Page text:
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Dapper Concealment: Remington Cane Gun

As Deion Sanders said, “If you look good, you feel good. If you feel good, you play good. If you play good, they pay good.” You may be wondering what in the world that has to do with the history of concealable firearms. Wonder no more; the Remington cane gun is an example of concealed carry for the fashionable gentleman or woman. Often, small guns are called many things — pocket pistols, mouse guns, and muff guns, but this was a way to take a fashionable accessory and make it work for self-defense. 

Remington led the way into the cane gun market with a percussion version patented by John F. Thomas in 1858. This kicked off a bit of a cane gun marketing war, as everyone realized cane swords were no longer the king of the cane weapon world. After all, you should never bring a cane knife to a cane gun fight. Remington’s version was updated to metallic cartridges in 1866, the first metallic cartridge long-gun made by Remington (take that Rolling Blocks). Much like the current single-stack 9mm battle, other makers soon got in on the cane gun market. 

remington cane gun

Remington Cane Gun Dog Head. Buffalo Bill Center of the West, Cody, Wyoming.

French and English makers made them, including smoothbore and pepperbox versions, and Remington made theirs until 1888. A rifle version using the cane grip as a buttstock even showed up, designed by Edward Bean and made by Iver Johnson. The original Remington percussion cane gun was .31-caliber percussion; later customers had their choice of .22 or .32 rimfire versions.

If you’d like to carry a cane gun instead of the currently fashionable single-stack 9mm, you should consider at least a few things before you do. First, the ammunition is a bear to find and not suitable for bears (see what we did there?). Second, the guns are quite collectible and might be better off as a conversation piece. Third, while original Remington cane guns fall into antique status under U.S. firearm law, any made after the cutoff date for antiques are considered Any Other Weapons and restricted by the National Firearms Act — unregistered cane guns are considered contraband. Lastly, carrying a cane gun is illegal in Alabama. Be sure to double-check the regulations in your area.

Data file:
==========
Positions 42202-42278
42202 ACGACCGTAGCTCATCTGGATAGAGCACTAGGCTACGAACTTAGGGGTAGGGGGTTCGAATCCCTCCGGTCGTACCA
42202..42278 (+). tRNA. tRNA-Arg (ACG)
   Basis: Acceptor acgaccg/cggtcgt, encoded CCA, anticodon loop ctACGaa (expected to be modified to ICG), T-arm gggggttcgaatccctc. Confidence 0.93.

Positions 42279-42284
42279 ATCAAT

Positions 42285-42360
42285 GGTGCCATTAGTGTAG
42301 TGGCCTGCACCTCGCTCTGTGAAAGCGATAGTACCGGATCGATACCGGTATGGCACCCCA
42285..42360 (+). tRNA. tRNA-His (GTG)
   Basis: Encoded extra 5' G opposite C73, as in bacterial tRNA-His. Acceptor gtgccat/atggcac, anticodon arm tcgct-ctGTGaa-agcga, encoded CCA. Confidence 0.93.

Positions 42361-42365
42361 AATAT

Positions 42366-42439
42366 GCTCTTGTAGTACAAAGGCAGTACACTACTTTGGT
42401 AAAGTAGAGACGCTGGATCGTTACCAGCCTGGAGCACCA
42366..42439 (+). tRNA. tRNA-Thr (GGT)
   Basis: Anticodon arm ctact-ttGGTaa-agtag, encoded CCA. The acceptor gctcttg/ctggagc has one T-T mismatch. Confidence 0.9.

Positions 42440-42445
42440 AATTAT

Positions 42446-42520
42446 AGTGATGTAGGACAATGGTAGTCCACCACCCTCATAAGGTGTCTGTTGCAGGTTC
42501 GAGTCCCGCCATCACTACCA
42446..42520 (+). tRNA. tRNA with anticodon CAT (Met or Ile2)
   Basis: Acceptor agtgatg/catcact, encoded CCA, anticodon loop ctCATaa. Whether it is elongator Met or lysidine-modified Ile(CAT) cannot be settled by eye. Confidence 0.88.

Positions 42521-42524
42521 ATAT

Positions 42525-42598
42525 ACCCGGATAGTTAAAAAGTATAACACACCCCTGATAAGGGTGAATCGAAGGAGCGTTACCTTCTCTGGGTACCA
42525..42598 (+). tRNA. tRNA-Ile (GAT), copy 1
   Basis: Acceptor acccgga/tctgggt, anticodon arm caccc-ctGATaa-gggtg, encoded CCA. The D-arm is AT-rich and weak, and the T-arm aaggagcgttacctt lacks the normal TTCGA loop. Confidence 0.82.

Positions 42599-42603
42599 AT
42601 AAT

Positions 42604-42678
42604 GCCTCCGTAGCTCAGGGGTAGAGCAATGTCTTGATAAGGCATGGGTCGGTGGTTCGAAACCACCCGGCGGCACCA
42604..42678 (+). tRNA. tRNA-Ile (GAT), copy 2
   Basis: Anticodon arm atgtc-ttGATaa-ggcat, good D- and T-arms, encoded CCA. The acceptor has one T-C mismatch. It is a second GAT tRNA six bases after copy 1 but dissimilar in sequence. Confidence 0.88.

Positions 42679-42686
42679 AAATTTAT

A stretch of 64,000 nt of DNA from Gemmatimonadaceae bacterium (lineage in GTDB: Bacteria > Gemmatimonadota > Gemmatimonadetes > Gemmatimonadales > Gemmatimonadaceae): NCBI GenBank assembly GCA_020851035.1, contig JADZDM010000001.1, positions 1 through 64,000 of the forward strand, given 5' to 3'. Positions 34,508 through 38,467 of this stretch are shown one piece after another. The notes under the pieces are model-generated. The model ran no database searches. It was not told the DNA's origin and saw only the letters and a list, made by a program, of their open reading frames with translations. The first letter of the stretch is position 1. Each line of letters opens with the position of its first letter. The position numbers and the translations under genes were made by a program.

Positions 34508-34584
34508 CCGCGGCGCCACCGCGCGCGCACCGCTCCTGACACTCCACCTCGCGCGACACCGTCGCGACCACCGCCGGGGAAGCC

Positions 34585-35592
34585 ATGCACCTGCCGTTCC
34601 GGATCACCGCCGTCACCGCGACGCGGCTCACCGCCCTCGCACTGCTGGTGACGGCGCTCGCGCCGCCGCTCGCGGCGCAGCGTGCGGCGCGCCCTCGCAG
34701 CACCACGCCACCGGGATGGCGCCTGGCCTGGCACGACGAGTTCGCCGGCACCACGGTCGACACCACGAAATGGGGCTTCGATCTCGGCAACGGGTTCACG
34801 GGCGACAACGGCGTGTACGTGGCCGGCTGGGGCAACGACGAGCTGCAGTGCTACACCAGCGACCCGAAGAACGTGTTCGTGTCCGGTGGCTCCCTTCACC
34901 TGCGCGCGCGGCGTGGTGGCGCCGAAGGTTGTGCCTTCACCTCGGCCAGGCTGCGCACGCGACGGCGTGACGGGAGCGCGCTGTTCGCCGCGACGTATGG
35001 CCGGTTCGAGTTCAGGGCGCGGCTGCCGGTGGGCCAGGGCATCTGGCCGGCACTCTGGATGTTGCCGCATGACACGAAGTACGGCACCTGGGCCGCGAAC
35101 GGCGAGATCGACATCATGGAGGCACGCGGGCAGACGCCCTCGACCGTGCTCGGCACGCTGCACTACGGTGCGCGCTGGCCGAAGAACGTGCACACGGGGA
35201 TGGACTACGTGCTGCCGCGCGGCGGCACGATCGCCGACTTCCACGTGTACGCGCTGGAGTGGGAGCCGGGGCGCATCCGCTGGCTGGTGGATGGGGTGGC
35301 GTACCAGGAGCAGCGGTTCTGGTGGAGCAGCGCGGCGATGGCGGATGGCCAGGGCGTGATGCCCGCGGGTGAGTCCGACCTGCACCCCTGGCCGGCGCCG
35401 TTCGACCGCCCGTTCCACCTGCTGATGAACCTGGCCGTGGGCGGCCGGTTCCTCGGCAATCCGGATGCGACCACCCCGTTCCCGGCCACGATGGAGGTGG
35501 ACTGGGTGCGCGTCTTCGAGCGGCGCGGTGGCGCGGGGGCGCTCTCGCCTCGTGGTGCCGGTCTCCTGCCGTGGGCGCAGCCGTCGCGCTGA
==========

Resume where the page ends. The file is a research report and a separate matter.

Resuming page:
These guns proved to be popular enough to be on the market for decades to protect oneself from street crime; whether it was truly a means of personal protection or a fashion statement (à la BBQ guns) is another debate. While it may look a little weird to carry one in today’s society, you could always tell someone you’re in a production of A Christmas Carol

[Editor's Note: This Article first appeared in Concealment # 18. Photos Courtesy Cody Firearms Museum.]

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4 responses to “Dapper Concealment: Remington Cane Gun”

  1. GWB says:

    Dang, and here I thought it would be about something currently being manufactured.

    (BTW, why on earth would it be NFA? Other than concealment issues, I don’t see where one could even remotely fall under restrictions unless they’re stupidly directly banned.)

  2. GGG says:

    NFA for the ‘dangerousness’ of not recognizing it as a firearm. Hey, it’s a government agency.

    NAA makes a western size belt buckle their mini-revolvers snap into; making it look like a tiny gun (it is!) embedded in the buckle. IIRC ATF ruled that combination as NFA at one point! And apparently some states require a CW permit as –even in plain sight– it’s ‘concealed’ from being recognized.

  3. Rob Ripley says:

    A cane knife, in fact, is a short handled cutting tool used for harvesting sugar cane. Lighter than an axe and heavier than a machete.

    Still used in Fiji but not here in Australia. (I think?)

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